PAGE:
Juliana is a talented artist, photographer, musician and guitarist for a blues band called 'Scatter Their Own'.

Three generations reunited. Grandfather Toluafe Richard Kaho with his son Julian Brown Eyes, and granddaughter Juliana Brown Eyes Clifford (right) and Alexus Kills Enemy (left). Photo: Juliana Brown Eyes

Standing Rock Protest

Talking to Matangi Tonga by telephone Juliana told us about the challenges of her life on the Pine-Ridge Reservation. Earlier last year she was arrested for taking part in a protest against a pipeline construction.

Juliana was among the first protesters to participate in the Standing Rock Protests, a protest against the building of the Dakota Access Pipeline in a neighbouring North Dakota Indian reservation because the Ogalala Lakota Sioux people believed it would disturb the reservation's water supply.

"I was among the first ten to be that point there were was only 80 people there. It got all of our tribal members really angry".

The protest eventually gathered thousands of participants, and in December last year the building of the pipeline was stalled.

"That was a big victory for our people. They stopped working but they plan on continuing it. There still needs to be a movement."

Juliana described the problems faced with living a reservation and the injustices face by the Horse Nation.

"Our people right now are struggling with poverty. There's a lot of poverty, there's a lot of negative downsides to living on an Indian reservation."

"They basically put us on a reservation that kept getting smaller and smaller because they would find gold or because find oil. They kept finding things and they kept oppressing our people."

Unfortunately for the Standing Rock protestors, the Dakota Access Pipeline construction has now resumed after a recent executive order to continue construction by new U.S. president Donald J. Trump.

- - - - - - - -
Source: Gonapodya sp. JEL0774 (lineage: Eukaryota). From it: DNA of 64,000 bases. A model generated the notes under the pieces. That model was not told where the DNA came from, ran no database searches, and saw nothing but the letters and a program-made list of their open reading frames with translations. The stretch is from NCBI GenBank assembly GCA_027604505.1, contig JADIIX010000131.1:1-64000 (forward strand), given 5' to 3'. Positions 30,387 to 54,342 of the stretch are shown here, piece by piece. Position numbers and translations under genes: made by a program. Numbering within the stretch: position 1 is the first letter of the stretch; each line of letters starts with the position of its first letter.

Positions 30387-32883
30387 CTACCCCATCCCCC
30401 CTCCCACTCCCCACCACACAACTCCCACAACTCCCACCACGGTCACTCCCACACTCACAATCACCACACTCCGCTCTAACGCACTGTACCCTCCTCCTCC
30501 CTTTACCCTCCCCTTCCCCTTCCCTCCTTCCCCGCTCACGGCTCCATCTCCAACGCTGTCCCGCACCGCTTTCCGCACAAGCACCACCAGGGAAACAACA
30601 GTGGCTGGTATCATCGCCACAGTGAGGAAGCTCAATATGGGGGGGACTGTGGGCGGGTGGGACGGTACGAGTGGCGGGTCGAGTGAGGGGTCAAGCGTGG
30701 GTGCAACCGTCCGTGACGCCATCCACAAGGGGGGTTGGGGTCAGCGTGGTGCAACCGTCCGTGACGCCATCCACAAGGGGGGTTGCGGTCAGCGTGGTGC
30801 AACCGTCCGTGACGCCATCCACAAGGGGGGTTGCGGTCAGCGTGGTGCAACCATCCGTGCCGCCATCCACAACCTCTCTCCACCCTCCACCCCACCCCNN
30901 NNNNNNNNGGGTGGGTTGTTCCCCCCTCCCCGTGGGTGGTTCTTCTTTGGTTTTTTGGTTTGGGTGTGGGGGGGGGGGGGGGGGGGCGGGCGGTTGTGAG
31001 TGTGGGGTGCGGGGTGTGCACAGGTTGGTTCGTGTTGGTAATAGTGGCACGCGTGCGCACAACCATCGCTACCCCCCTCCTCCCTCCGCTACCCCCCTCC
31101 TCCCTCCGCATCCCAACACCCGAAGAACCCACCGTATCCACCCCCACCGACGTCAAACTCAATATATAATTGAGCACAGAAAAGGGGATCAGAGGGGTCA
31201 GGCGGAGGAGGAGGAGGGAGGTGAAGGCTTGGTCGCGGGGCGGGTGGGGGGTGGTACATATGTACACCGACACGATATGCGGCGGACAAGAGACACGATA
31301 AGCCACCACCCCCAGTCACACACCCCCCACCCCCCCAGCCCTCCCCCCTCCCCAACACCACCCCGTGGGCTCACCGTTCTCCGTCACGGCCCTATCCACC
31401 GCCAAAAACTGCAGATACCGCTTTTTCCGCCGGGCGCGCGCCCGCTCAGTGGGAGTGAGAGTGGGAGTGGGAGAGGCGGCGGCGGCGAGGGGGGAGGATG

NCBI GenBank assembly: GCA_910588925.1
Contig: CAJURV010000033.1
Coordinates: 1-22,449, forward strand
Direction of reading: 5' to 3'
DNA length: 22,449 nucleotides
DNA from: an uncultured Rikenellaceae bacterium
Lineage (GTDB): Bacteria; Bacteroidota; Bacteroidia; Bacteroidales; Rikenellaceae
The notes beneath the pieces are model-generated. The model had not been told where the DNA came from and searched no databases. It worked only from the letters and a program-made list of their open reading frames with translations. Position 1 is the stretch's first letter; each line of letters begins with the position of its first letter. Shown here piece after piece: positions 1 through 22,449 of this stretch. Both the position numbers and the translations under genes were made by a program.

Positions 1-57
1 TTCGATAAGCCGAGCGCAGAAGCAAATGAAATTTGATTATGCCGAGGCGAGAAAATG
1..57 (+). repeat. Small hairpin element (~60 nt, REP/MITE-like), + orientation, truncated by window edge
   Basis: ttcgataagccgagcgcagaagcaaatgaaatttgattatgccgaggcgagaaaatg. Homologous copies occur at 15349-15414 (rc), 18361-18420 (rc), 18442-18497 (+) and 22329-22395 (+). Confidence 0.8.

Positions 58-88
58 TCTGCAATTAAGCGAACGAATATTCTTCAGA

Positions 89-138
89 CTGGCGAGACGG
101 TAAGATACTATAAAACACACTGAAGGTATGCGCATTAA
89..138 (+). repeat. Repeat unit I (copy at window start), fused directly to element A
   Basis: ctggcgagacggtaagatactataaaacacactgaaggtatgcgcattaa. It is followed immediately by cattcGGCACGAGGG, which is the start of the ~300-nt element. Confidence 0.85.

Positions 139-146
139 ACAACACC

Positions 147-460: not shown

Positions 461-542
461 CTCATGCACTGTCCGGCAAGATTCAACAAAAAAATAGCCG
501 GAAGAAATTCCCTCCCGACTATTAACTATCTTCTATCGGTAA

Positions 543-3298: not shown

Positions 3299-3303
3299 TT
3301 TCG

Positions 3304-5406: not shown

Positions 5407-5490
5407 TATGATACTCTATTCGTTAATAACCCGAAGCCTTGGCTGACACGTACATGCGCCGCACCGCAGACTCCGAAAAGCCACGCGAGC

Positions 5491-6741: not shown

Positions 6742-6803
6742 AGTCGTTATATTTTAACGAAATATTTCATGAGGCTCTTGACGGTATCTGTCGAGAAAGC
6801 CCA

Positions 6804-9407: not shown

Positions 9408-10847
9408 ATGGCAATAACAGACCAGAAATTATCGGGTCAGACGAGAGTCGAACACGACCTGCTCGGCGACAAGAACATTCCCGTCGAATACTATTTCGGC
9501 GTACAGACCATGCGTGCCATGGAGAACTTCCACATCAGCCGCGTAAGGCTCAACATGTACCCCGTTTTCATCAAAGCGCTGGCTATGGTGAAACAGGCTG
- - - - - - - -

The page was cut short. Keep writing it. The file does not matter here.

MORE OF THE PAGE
Juliana: I love your story. I love and miss the Rez. I am glad you hooked up with your father. I am from Kolomotu'a/Kolofo'ou in Tonga and am related to the Kaho's from there. I served my mission in the Dakota's from 1976 to 1978. Our mission covered North and South Dakota, part of Iowa, Wyoming, Montana, Nebraska. I served in Pine Ridge and Oglala but my my heart and adopted family, the Charging Crows are in Wanbli. I am still in contact with my Lakota family from Wanbli. I have adopted family in Sisseton, the Gills, their daughter, who served with us in Pine Ridge, is married to a cousin of mine and are residing in Utah (her husband, Pona, is BYU's ncoach Kalani Sitake's uncle).  There were a number of Polynesians including Tongans serving in the area at the time; two Ikas, Isileli Lao, Alama 'Ulu'ave, Sifa Talakai, Vai Sikahema (who after his mission became the famous Tongan NFL player), Vai Sekona one Tongan sister Apina, I may have forgotten others.
We all knew a Maori King a missionary before us (Maori from NZ, married to a Pine Ridge girl and are now living in Pine Ridge).
May God bless you and your family ... 'ofa lahi atu, Kava, the Reservation Dog.

Hi Kava,

You are right it's a fantastic story with a happy ending.
Kava have you thought about doing a piece about your time whilst on your mission? I'm not sure about the other readers but I find the areas you've stated you covered fascinating. I never would have thought that Tongans would have ventured to that part of America.

Perhaps you can liaise with the editor of MT to see if it's possible it you are interested. Just a thought.